Australian news, and some related international items

New short films show the shocking impact of nuclear waste plan on the Kimba community

Kimba community members speak on nuclear debate, Rachel McDonald 10 Jan 2020,

The stories of Kimba farming families and local townspeople opposed to the proposed National Radioactive Waste Management Facility in the district have had their story documented in a message to wider Australia.

Port Pirie filmmaker Kim Mavromatis has released a series of mini-documentaries over the past three months telling the stories of communities impacted by the four-year process to determine whether the facility had broad community support at Kimba or Hawker.

Mr Mavromatis said he had been following the debate around both the waste facility and the SA nuclear fuel cycle process, and he believed the communities involved were only given one side of the story throughout consultation.

“At the end of the day… the government weren’t doing the right thing by the people,” he said.

“The people that are fighting back really need to be heard.”

He said as a member of the Port Pirie community he had also been concerned that his community, which could potentially see the waste transported through their town or port, had not had the same opportunity for consultation as the Kimba and Hawker communities who late last year participated in community ballots to measure support for the proposal.

In one of Mr Mavromatis’s videos, Kimba locals and members of the No Radioactive Waste Facility for Kimba District group spoke about why they remained opposed to the proposal, and the impact the years of uncertainty and community debate has had on them personally.

Among those featured were neighbours of the proposed sites.

Secretary of the group Toni Scott said through the years they had discussed ways of getting their message out to a wider audience, and while it was difficult for many to tell their story there were still many people across the wider Eyre Peninsula and the state who needed to know what was going on as a final decision looms.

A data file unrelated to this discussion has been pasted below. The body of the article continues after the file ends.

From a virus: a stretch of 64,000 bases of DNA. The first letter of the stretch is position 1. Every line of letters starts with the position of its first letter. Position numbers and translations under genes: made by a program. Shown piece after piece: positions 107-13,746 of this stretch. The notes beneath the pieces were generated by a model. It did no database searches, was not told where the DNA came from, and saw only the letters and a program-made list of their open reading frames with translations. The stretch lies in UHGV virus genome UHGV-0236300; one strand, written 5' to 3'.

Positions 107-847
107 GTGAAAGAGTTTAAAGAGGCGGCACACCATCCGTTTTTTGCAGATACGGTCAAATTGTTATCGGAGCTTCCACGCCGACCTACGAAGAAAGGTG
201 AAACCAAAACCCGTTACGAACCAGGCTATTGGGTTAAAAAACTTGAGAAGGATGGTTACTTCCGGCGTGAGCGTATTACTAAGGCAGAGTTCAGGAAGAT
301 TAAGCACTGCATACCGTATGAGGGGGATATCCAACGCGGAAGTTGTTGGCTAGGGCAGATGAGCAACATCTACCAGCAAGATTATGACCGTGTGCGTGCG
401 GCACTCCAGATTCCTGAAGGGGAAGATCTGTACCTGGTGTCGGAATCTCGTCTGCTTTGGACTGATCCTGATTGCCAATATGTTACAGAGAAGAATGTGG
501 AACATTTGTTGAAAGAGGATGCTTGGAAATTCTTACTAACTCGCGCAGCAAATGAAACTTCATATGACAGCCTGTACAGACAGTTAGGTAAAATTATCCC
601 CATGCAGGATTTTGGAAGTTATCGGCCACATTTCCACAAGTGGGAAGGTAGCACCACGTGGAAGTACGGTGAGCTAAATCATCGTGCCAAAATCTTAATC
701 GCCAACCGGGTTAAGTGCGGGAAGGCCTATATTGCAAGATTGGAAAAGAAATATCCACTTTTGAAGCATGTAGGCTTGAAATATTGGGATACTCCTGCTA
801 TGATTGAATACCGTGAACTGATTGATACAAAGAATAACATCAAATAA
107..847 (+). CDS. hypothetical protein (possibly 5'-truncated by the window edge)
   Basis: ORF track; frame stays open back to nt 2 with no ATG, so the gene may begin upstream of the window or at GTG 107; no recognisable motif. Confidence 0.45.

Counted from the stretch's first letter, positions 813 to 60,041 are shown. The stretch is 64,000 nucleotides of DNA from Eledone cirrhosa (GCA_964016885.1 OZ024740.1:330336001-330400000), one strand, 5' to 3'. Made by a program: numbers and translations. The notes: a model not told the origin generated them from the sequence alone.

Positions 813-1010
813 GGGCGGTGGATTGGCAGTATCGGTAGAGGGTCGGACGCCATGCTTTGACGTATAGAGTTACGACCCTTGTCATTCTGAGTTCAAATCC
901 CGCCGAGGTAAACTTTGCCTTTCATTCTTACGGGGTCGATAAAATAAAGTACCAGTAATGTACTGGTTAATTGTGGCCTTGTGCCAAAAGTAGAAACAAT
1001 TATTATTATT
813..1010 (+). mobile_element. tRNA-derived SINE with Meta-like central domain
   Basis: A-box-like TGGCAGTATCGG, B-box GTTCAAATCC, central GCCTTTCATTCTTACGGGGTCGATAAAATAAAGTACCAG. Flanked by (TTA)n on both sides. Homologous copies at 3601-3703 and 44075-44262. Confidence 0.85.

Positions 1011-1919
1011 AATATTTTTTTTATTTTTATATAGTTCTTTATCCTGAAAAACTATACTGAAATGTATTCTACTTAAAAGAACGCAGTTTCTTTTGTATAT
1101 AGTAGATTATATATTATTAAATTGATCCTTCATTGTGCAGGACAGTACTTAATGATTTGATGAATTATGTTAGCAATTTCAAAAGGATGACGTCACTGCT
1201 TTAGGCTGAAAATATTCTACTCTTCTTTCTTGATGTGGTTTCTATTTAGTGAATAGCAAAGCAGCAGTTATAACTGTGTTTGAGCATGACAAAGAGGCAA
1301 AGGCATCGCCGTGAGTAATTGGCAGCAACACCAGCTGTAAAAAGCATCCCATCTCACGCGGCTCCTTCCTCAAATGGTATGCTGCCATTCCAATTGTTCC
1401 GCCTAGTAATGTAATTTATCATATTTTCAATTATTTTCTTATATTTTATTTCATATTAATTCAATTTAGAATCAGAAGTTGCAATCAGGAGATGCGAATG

“We’re at the stage now where we really want to create as much awareness as we can,” she said.

“We’re hoping people can relate to it.”

Many of the interviewees featured are visibly emotional in the film, which Mrs Scott said was an unintentional outcome of individuals being encouraged to share their stories openly.

“Those raw emotions just came out… I think it’s important for people to see that and realise how affected members of our community actually are,” she said.

Mr Mavromatis said it was “shocking” to see first-hand the impact on the community.

“It’s their livelihood, it’s their future, it’s their kids’ future and it’s permanent,” he said.

The filmmaker has also created a documentary about the impact of the process on the Barngarla people, who in an independent ballot last year voted 0% in favour of the facility.

Mr Mavromatis said the lack of genuine engagement with the traditional owners, who are native title holders of areas neighbouring both proposed sites, was a “total disgrace.”

A rally is planned for Kimba on February 2, with Kimba community members encouraging the wider state to join them.

“We are asking people from Eyre Peninsula and SA to join us in a peaceful protest so the minister (Resources minister Matthew Canavan) can get the message that Kimba is not the right place and farming land is not the right place,” Mrs Scott said.

The video series can be found at

January 14, 2020 - Posted by | Federal nuclear waste dump, South Australia

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